61st Anniversary OF Hiroshima and Nagasaki Remembered as World Ignores Lessons of Nuclear Weapons

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August 3, 2006
For Immediate Release

Winnipeggers gathering at the Memorial Park Fountain for a lantern ceremony, joining thousands around the world, 8:00 pm Sunday July 6.

Winnipeg, MB – Approximately 214 000 people died from the two nuclear bombs dropped on the cities of Hiroshima and Nagasaki in 1945. The massive loss of life, the majority of which were civilian, and the nuclear threat the world has lived under since that time will be remembered at the annual Lanterns for Peace ceremony.

After a time where young and old will make Japanese paper lanterns with peace messages, a brief service will be held at 8:45 at the Memorial Park fountains (in front of the Legislative Building), led by Derrick Martens of Project Peacemakers with words by Councillor Harvey Smith, Veterans Against Nuclear Arms member Margaret Maier, and a member of the Japanese-Canadian community. The service will close with the release of the colourful, lighted lanterns in the fountain at sundown.

Although the Cold War has ended, we are not seeing large-scale disarmament. In fact, 4000 nuclear missiles in the US and Russia remain aimed at each other on hair-trigger Launch on Warning systems, and are susceptible to accidental warnings and mistaken launches. India and Pakistan, new nuclear states, are welcomed by the world while North Korea and Iran seek nuclear weapon muscle to protect their interests. Britain is seeking to replace its aging nuclear weapon system, while Russia, the US, and China continue to modernize and update their arsenals and systems.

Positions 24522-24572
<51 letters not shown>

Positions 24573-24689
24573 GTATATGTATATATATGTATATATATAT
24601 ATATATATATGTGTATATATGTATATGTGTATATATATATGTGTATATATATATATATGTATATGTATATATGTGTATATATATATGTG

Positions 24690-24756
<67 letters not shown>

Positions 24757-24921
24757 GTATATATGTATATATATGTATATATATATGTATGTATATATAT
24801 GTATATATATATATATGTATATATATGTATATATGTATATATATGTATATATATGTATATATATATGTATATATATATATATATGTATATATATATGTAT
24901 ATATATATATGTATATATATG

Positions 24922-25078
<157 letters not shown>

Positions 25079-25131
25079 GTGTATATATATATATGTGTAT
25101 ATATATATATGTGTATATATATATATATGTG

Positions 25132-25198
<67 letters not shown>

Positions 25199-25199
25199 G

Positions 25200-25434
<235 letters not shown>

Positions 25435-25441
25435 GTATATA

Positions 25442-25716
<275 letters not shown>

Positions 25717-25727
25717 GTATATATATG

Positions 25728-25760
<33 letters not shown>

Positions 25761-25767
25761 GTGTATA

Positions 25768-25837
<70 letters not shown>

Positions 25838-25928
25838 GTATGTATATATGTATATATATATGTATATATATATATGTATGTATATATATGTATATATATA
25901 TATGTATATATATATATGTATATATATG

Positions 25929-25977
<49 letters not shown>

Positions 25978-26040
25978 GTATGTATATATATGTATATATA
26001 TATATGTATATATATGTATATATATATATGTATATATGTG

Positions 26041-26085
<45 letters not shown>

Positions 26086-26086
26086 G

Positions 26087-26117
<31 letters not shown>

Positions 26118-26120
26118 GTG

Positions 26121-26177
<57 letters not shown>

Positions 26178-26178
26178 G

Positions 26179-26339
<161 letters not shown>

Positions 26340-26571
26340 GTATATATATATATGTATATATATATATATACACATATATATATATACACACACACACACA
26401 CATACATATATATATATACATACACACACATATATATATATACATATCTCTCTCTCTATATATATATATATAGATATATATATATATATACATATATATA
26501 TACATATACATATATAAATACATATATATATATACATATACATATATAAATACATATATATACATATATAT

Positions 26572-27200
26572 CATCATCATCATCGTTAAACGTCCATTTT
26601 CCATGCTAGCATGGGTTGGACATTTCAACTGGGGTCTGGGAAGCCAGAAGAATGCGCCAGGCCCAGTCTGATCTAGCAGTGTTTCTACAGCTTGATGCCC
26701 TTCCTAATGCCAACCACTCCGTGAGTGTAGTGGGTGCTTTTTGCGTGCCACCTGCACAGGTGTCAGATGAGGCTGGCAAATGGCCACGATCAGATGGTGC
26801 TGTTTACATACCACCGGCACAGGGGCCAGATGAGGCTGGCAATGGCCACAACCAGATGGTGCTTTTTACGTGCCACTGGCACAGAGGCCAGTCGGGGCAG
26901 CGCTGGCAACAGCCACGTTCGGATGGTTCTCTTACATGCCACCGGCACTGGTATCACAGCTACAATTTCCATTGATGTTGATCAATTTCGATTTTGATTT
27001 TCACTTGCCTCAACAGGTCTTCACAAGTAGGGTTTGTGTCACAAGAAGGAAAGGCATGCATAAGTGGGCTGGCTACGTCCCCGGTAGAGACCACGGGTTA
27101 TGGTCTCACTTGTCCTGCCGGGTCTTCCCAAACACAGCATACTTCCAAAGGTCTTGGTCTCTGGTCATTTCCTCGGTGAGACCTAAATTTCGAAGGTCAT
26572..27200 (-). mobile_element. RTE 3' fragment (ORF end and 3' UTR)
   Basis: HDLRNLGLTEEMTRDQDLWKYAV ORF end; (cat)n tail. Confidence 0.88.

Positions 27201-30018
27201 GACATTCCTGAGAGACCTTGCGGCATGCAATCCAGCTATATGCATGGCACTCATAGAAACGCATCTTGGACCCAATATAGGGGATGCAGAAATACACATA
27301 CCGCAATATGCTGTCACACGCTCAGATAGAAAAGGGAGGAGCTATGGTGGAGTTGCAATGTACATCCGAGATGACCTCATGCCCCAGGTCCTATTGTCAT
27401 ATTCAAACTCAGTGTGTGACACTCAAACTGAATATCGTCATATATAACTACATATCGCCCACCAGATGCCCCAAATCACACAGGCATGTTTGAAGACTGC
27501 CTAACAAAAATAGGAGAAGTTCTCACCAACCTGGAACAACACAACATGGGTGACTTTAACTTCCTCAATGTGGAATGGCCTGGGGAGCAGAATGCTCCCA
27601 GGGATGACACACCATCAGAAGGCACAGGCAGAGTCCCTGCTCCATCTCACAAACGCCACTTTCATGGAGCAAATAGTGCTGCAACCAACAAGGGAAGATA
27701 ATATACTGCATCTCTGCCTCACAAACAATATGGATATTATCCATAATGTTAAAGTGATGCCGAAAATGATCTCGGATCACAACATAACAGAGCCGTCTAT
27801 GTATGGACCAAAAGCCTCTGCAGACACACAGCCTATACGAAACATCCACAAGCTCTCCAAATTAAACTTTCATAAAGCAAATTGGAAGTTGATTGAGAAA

The Nuclear Non-Proliferation Treaty states that all nuclear weapon states have an obligation to disarm, while all non-nuclear weapons states must refrain from acquiring or developing nuclear weapons. This treaty is in jeopardy from both camps.

The Hiroshima-Nagasaki Lanterns for Peace seeks to remember the horrific tragedy of the nuclear weapons used in Japan while pledging to prevent such horrors from happening again. It also seeks to highlight that Winnipeg is a member of Mayors for Peace, a Hiroshima-based organization with over 1400 cities from around the world, including forty from Canada, working to end the nuclear threat, which is largely against cities.

Project Peacemakers is the local chapter of Project Ploughshares, Canada’s premier disarmament agency, working work with churches and related organizations, as well as governments and non-governmental organizations, in Canada and abroad, to identify, develop, and advance approaches that build peace and prevent war, and promote the peaceful resolution of political conflict. The event is co-sponsored by Peace Alliance Winnipeg, formerly No War Coalition (Manitoba).

For more information, contact: Derrick Martens 775-8178.

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